EUROPE - Transport for London (TfL), responsible for maintaining the underground network in the UK capital, has reappointed Towers Watson as actuarial consultant for its £5.5bn (€6.2bn) pension fund.
Additionally, the consultancy won out over Mercer after it was appointed the scheme's investment advisor until 2017.
Towers Watson's reappointment as actuarial advisor means the company will assist TfL for a further six years, overseeing the triennial valuations due in 2012 and 2015.
According to its most recent valuation, the scheme has a deficit of £1.2bn, with more than half of assets allocated to an index and liability-tracking mandate maintained by Legal & General.
The remaining mandates are invested in equities, with a small amount allocated to infrastructure.
Stephen Field, head of pensions and fund secretary at TfL, said: "Towers Watson has a strong track record and, in a very competitive marketplace, its commitment to, and thorough understanding of, our fund will guide us through the next phase of strategy."
Transport for London first announced the tender for actuarial consultant in August last year.
Meanwhile, Ireland's National Treasury Management Agency (NTMA) has been reappointed as manager of the country's National Pension Reserve Fund (NPRF).
The appointment comes after the previous, 10-year mandate as part of the scheme's inception expired in early April.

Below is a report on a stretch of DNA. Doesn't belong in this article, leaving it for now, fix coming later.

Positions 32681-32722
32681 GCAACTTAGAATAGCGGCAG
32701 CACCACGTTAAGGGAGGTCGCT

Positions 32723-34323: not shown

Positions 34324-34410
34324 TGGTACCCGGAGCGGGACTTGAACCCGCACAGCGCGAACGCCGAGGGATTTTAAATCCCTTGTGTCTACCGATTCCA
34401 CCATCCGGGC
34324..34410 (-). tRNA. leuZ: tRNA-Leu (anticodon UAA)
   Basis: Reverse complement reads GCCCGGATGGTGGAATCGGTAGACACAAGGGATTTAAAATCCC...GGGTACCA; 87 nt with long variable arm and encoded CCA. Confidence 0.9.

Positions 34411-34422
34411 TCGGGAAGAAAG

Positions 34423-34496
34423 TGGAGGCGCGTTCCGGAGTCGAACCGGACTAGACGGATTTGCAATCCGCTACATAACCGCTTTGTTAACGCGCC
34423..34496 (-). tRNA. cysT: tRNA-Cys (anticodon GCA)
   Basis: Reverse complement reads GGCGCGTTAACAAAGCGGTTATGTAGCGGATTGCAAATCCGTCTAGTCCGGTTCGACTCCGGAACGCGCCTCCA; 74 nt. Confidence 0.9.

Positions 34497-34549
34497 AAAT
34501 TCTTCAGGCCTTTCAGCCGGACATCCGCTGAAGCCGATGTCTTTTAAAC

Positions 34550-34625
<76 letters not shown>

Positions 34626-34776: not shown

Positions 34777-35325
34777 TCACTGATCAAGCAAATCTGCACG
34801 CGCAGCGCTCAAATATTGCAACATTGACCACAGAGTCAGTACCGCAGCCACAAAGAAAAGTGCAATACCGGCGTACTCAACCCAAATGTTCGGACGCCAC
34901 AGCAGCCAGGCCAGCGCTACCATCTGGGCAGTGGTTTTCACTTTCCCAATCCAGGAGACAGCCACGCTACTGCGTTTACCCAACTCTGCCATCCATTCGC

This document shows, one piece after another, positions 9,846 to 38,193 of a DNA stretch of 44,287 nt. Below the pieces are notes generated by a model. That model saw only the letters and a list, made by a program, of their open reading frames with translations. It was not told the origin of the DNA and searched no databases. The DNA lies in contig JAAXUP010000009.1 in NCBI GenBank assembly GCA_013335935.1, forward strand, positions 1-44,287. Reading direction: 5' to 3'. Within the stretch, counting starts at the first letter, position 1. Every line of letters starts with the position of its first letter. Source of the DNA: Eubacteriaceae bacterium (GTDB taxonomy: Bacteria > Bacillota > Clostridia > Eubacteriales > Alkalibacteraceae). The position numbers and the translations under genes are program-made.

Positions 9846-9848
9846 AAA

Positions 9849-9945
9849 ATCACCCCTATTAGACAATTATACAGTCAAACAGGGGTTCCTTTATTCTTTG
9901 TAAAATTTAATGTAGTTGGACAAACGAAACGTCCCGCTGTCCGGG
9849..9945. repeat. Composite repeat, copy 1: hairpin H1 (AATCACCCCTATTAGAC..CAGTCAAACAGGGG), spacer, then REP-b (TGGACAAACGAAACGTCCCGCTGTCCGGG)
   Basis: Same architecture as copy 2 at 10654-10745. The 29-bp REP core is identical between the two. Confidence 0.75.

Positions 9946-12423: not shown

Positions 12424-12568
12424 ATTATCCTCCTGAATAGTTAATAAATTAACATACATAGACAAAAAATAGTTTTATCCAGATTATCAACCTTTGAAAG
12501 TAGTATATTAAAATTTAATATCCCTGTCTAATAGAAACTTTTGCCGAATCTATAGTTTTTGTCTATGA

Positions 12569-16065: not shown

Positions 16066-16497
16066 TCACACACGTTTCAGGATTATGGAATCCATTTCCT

Under the terms of the National Pension Reserve Fund Act, the finance minister, alongside the scheme's commission, is allowed to reappoint the NTMA for terms no longer than five years.
A spokeswoman for Ireland's Department for Finance told IPE: "The minister has reappointed the NTMA as manager with effect from 2 April until 1 April 2015."
As part of a brief compiled for newly appointed minister Michael Noonan, it was noted that the NPRF had explored the possibility of an ethical investment approach.
The brief said: "An interdepartmental committee has examined the question of the ethical investment of the NPRF and prepared a report on a possible approach to introducing such a policy."
As at the end of 2010, €9.5bn of NPRF assets had been used to recapitalise Ireland's banks, with an additional €10bn committed to the recent bailout agreement between the European Union and International Monetary Fund.
However, it was recently confirmed that the €10bn would be drawn down to support four of the country's struggling banks after stress tests revealed further capital demands.